Those who wish to further their education of the city after a walk through its nature have the possibility to do so in three museums, which are adjacent to the Arc de Triomphe. There is the Museum of Art History for art and history enthusiasts and the Autoworld Museum for classic car fans. The Royal Museum of the Armed Forces and Military History presents a military history spanning 12 centuries – from medieval armour to the F-16 jet fighter. The 130 aircrafts in the aviation hall are particularly worth seeing.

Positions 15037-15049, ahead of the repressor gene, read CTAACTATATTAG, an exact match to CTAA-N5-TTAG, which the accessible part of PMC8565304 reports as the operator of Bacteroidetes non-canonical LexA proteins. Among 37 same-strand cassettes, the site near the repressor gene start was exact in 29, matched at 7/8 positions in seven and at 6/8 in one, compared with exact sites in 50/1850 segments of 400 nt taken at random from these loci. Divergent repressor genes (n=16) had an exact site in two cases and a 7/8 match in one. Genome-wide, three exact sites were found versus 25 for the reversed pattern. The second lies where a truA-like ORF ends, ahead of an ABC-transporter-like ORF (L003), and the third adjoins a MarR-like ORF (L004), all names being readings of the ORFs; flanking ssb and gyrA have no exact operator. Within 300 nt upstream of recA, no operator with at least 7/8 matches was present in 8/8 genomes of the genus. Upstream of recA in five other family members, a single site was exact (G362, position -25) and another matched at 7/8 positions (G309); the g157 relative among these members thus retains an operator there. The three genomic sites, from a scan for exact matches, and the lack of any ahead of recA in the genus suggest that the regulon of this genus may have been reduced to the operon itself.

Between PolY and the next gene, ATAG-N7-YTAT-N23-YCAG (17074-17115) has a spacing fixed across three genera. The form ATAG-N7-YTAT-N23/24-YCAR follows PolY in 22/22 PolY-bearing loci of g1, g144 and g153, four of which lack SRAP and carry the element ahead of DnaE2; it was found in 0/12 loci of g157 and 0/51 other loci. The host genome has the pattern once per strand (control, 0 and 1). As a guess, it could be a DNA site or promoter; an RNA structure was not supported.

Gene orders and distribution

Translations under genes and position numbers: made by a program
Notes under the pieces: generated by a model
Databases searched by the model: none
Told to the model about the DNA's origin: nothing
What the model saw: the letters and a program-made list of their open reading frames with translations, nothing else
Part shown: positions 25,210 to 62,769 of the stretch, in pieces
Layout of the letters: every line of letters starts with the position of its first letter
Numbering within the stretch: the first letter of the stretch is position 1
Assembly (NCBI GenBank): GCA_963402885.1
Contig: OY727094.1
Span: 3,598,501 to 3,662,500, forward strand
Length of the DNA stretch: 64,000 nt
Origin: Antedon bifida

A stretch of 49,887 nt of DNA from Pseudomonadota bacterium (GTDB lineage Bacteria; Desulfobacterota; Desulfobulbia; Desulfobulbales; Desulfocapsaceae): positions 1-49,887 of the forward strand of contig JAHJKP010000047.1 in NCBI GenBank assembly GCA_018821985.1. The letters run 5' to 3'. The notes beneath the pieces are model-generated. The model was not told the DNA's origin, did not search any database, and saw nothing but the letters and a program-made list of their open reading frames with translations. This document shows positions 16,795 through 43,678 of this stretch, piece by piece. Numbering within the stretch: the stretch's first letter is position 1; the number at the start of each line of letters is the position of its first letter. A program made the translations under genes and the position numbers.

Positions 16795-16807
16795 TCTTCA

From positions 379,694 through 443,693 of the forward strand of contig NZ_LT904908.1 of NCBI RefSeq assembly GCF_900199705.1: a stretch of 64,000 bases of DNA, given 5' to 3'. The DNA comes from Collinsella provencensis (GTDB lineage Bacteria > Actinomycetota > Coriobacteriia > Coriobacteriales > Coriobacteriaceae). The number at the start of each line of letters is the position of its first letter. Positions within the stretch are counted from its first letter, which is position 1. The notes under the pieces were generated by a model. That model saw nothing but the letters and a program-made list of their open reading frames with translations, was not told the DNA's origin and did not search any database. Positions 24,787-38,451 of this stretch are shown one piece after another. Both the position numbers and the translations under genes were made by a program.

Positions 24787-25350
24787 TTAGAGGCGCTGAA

One art form that has achieved a broad impact thanks to its original ideas and should therefore not go unmentioned is comics. Very little is known to most people that the three most successful comic series originated in Belgium; the detective comics following the life of global adventurer “Tintin” and his little dog, the hugely popular series “The Smurfs”, and finally the western hero “Lucky Luke”. If you are in the Belgian capital, however, it will become apparent after a while that these figures do in fact come from Belgium, as you will find these comic heroes on many buildings. They represent an embellishment of the cityscape as well as an appreciation of this art.